FLRC and MITHACAL MILERS workouts for the week of November 30th

First off, note that there will be no in-person MITHACAL MILERS workout this week—various things make it infeasible—but we hope to return to the Arboretum next Tuesday.

Second, don’t miss the new Happy Holidays Scavenger Hunt items to find. The photos from the first week were fabulous.

On to the workouts!

Middle Distance Workouts (5K to 15K)

Given the worsening weather, the lack of an indoor track, and the paucity of races, I’m going to drop down to a single workout per week for middle-distance runners. If you’re looking for a second workout, check back in the forum for more ideas. Or beg for ideas with a particular goal race in mind. :slight_smile:

  • Workout: After your warmup, start with 15 minutes at M pace, then 10 minutes at T pace, 5 minutes at I pace, and 2 minutes at R pace. In between each pickup, jog for 5 minutes.

  • Long Run: 25-30% of your weekly mileage at E pace

Long Distance Workouts (Half Marathon to Marathon)

  • Workout: 20 minutes at M pace, 20 minutes at T pace, then 20 minutes more of M pace. 5 minutes of E-pace rest between each change of pace. Don’t forget the minimum of 10 minutes at E pace for a warmup and cooldown.

  • Long Run: 25-30% of your weekly mileage at E pace


Ran the marathon workout this morning after a few weeks off recovering from time trials and birthday miles. Struggled near the end of T pace segment but overall felt pretty good!

I’m sure there are many opinions out there on how often workouts should be run and how often “down” weeks should happen. I like running workouts because they provide nice structure to the week, have been doing them weekly for 4-5 month stretches but will take a break if my legs feel fatigued. Thoughts?

There are lots of opinions. For many scholastic or competitive runners, the seasons provide some easy breaks, since you can take a couple of weeks really easy after any championship meet or race.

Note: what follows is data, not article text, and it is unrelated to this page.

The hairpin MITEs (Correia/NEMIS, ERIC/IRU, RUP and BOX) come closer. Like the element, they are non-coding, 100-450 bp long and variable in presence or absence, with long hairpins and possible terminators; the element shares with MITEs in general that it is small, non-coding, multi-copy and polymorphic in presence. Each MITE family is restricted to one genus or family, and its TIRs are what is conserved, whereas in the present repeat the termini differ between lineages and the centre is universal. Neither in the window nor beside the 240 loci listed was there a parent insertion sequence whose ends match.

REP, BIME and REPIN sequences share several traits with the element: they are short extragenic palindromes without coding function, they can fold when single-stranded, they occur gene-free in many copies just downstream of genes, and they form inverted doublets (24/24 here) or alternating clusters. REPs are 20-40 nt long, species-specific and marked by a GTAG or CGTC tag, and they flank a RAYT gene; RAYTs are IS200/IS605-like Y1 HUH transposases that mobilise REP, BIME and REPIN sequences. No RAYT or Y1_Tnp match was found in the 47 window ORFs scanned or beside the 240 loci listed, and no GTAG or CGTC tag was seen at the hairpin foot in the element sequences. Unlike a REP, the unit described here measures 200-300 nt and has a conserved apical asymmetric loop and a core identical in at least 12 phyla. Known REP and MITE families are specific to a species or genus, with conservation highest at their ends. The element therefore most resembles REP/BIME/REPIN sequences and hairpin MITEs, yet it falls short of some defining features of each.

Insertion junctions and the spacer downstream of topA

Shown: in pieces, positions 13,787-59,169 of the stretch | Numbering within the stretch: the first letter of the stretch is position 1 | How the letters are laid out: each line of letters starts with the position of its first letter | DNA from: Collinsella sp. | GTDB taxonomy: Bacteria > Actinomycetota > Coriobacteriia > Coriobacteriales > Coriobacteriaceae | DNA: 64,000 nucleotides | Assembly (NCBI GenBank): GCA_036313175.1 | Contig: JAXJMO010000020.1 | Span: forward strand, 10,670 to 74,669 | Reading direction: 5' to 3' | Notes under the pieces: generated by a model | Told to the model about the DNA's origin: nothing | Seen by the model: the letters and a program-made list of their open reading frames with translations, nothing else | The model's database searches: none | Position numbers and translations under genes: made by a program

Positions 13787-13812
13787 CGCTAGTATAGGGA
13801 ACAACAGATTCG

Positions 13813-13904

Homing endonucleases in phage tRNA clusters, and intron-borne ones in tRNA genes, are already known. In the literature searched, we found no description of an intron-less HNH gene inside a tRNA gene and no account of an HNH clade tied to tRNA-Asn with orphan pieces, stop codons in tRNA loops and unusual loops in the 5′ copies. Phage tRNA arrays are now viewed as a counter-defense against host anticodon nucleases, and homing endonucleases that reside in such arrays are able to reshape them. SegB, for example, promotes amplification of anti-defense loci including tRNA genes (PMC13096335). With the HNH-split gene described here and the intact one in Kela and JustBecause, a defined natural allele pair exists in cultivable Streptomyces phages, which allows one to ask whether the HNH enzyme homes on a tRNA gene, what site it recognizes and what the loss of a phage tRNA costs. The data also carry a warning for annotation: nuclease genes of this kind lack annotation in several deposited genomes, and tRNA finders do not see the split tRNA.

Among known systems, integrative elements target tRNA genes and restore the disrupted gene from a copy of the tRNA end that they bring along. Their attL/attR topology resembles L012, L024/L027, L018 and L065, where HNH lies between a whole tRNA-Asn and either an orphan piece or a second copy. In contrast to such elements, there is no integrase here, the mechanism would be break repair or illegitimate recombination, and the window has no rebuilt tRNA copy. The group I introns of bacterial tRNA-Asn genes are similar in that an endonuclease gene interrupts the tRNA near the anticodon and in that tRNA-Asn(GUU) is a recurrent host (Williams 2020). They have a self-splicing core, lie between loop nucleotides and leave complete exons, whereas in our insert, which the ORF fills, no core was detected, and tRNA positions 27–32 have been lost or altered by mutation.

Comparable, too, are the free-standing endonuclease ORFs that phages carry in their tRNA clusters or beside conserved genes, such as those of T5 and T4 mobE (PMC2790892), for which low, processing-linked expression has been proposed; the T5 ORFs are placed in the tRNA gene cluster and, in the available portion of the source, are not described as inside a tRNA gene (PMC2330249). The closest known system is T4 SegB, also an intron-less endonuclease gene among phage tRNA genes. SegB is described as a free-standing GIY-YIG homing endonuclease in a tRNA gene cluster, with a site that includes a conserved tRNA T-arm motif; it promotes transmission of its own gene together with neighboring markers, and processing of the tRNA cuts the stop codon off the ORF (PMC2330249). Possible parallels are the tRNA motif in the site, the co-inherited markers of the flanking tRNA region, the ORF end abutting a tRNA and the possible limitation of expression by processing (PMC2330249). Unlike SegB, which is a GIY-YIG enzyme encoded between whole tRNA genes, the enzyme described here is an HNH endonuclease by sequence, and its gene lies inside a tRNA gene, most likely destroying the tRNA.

I’ve heard some world-class marathoners will take a month every year completely off.

And there’s also the approach of periodization, where you ramp for a few weeks, and then take an easier week, then ramp up again. That should probably be combined with some general time off as well.

The most important thing is to listen to your body. If you’re starting to hurt more or get more nagging injuries, that’s a sign that you might need a break. And even more important is realizing when you feel stale and tired for days at a time. It’s really important not to train through burnout like that, since injury is really likely and worse, you could just start disliking running.

But if you’re having fun and feeling good, keep on keeping on and just stay sensible.

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@gplwoo Definitely listen to your body as Adam said. I find it useful to have some periodization/structure throughout the year so you don’t get stuck in the every-week-the-same slog, or end up getting burnt-out. For example, you might plan to do about 2-4 main fitness tests per year (these might be “peak” races if they exist, or your own time trial or fitness test). To prepare for each fitness test, I normally do a block 2-4 weeks only easy running no workouts, and then 4-10 weeks including weekly or bi-weekly workouts, 1-2 weeks “taper”, and then your test. After the test, 1-2 weeks off, plan your next goal, and repeat!